Theresa May faces the headache of a second legal challenge over Brexit – this time over the barely-known Article 127.
Pro-EU campaigners will argue that Britain will not leave the European Economic Area (EEA) – and therefore the single market – automatically when it leaves the EU itself.
The think tank British Influence is writing to Brexit Secretary David Davis to argue Parliament should decide, in a mirror image over the battle to trigger the Article 50 exit notice.
The Government will argue that EEA membership ends when Britain leaves the EU, which is expected to happen in 2019.
But, if the courts back the legal challenge and give Parliament the final say over EEA membership, MPs could potentially vote to ensure that Britain stays in the single market.
They could argue for membership until a long-term trading relationship with the EU has been agreed, something expected to take far longer than the 2019 exit date.
More MPs would feel able to do this than oppose leaving the EU outright, because the referendum question only asked about membership of the EU – not of the single market.
At the very least, the latest challenge would mean a lengthy legal process – potentially via the European Court of Justice - that could delay the Government's Article 50 negotiations with the EU.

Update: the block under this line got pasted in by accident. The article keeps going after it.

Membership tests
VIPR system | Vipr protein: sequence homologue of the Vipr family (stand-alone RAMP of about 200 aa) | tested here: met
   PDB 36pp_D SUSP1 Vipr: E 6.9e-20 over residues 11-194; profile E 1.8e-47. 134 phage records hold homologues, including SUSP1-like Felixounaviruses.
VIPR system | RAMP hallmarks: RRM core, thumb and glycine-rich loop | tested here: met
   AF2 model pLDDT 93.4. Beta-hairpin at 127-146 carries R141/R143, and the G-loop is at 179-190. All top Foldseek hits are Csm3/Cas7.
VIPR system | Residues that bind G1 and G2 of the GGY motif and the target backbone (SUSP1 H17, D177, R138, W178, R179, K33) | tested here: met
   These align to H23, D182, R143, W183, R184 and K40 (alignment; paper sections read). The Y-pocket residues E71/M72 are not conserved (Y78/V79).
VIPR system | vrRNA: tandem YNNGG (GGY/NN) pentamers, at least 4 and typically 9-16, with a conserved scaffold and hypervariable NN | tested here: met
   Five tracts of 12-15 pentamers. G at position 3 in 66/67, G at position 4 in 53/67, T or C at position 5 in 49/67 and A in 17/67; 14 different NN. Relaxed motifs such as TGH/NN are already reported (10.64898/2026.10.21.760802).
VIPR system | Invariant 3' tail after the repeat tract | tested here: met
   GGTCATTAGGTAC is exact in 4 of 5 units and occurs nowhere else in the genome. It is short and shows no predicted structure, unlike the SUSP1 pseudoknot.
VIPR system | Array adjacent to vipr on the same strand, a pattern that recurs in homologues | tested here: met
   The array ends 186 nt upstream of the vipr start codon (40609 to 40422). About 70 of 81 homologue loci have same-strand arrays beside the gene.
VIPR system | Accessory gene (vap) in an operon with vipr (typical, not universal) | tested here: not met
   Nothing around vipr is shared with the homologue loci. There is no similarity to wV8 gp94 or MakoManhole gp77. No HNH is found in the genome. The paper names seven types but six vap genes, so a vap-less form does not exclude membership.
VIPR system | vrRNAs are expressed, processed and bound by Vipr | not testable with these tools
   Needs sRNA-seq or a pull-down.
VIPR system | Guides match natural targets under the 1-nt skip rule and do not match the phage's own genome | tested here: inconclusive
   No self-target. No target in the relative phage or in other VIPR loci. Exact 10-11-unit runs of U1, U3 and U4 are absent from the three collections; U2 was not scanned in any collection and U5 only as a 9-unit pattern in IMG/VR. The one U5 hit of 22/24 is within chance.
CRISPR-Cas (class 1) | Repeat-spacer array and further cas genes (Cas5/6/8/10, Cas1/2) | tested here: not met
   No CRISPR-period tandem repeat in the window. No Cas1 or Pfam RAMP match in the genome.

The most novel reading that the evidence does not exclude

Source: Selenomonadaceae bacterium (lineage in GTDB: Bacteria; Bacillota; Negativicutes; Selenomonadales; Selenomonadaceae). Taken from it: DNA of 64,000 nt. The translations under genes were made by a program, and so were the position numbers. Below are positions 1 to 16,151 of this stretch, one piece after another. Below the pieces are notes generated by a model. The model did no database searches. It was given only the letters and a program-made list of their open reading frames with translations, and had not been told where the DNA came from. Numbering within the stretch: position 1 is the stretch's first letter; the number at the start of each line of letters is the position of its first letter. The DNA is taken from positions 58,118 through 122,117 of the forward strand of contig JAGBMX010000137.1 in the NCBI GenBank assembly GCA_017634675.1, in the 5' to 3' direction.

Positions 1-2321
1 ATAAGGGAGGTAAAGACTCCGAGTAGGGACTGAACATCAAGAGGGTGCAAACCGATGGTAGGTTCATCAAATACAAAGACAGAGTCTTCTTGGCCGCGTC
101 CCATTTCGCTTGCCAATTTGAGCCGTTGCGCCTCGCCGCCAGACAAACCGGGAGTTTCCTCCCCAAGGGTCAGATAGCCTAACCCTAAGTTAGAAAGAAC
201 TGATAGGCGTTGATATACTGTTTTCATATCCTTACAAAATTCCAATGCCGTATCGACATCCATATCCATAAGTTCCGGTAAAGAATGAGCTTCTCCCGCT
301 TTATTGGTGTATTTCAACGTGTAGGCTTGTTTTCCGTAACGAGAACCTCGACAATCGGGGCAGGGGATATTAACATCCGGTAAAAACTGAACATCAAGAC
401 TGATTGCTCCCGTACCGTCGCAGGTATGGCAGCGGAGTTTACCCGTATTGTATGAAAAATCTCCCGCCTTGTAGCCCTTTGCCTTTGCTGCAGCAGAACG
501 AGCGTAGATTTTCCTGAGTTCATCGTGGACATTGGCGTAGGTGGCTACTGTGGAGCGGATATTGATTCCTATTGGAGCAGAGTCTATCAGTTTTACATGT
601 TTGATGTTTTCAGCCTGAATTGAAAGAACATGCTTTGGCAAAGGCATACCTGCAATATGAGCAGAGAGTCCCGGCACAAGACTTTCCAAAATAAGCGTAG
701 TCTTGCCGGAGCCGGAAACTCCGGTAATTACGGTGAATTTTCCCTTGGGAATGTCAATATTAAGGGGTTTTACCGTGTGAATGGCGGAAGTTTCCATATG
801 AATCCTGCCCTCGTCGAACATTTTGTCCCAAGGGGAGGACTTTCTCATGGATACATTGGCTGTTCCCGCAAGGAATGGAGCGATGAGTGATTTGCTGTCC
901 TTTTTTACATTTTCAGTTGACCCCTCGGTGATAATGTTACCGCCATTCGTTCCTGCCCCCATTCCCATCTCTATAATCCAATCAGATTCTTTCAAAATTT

What experts have said about Brexit
What experts have said about Brexit
1/11 Chancellor of the Exchequer Philip Hammond
The Chancellor claims London can still be a world financial hub despite Brexit “One of Britain’s great strengths is the ability to offer and aggregate all of the services the global financial services industry needs” “This has not changed as a result of the EU referendum and I will do everything I can to ensure the City of London retains its position as the world’s leading international financial centre.”
2/11 Yanis Varoufakis
Greece's former finance minister compared the UK relations with the EU bloc with a well-known song by the Eagles: “You can check out any time you like, as the Hotel California song says, but you can't really leave. The proof is Theresa May has not even dared to trigger Article 50. It's like Harrison Ford going into Indiana Jones' castle and the path behind him fragmenting. You can get in, but getting out is not at all clear”
3/11 Michael O’Leary
Ryanair boss says UK will be ‘screwed’ by EU in Brexit trade deals: “I have no faith in the politicians in London going on about how ‘the world will want to trade with us’. The world will want to screw you – that's what happens in trade talks,” he said. “They have no interest in giving the UK a deal on trade”
4/11 Tim Martin
JD Wetherspoon's chairman has said claims that the UK would see serious economic consequences from a Brexit vote were "lurid" and wrong: “We were told it would be Armageddon from the OECD, from the IMF, David Cameron, the chancellor and President Obama who were predicting locusts in the fields and tidal waves in the North Sea"
5/11 Mark Carney
Governor of Bank of England is 'serene' about Bank of England's Brexit stance: “I am absolutely serene about the … judgments made both by the MPC and the FPC”
6/11 Christine Lagarde
IMF chief urges quick Brexit to reduce economic uncertainty: “We want to see clarity sooner rather than later because we think that a lack of clarity feeds uncertainty, which itself undermines investment appetites and decision making”
7/11 Inga Beale
Lloyd’s chief executive says Brexit is a major issue: "Clearly the UK's referendum on its EU membership is a major issue for us to deal with and we are now focusing our attention on having in place the plans that will ensure Lloyd's continues trading across Europe”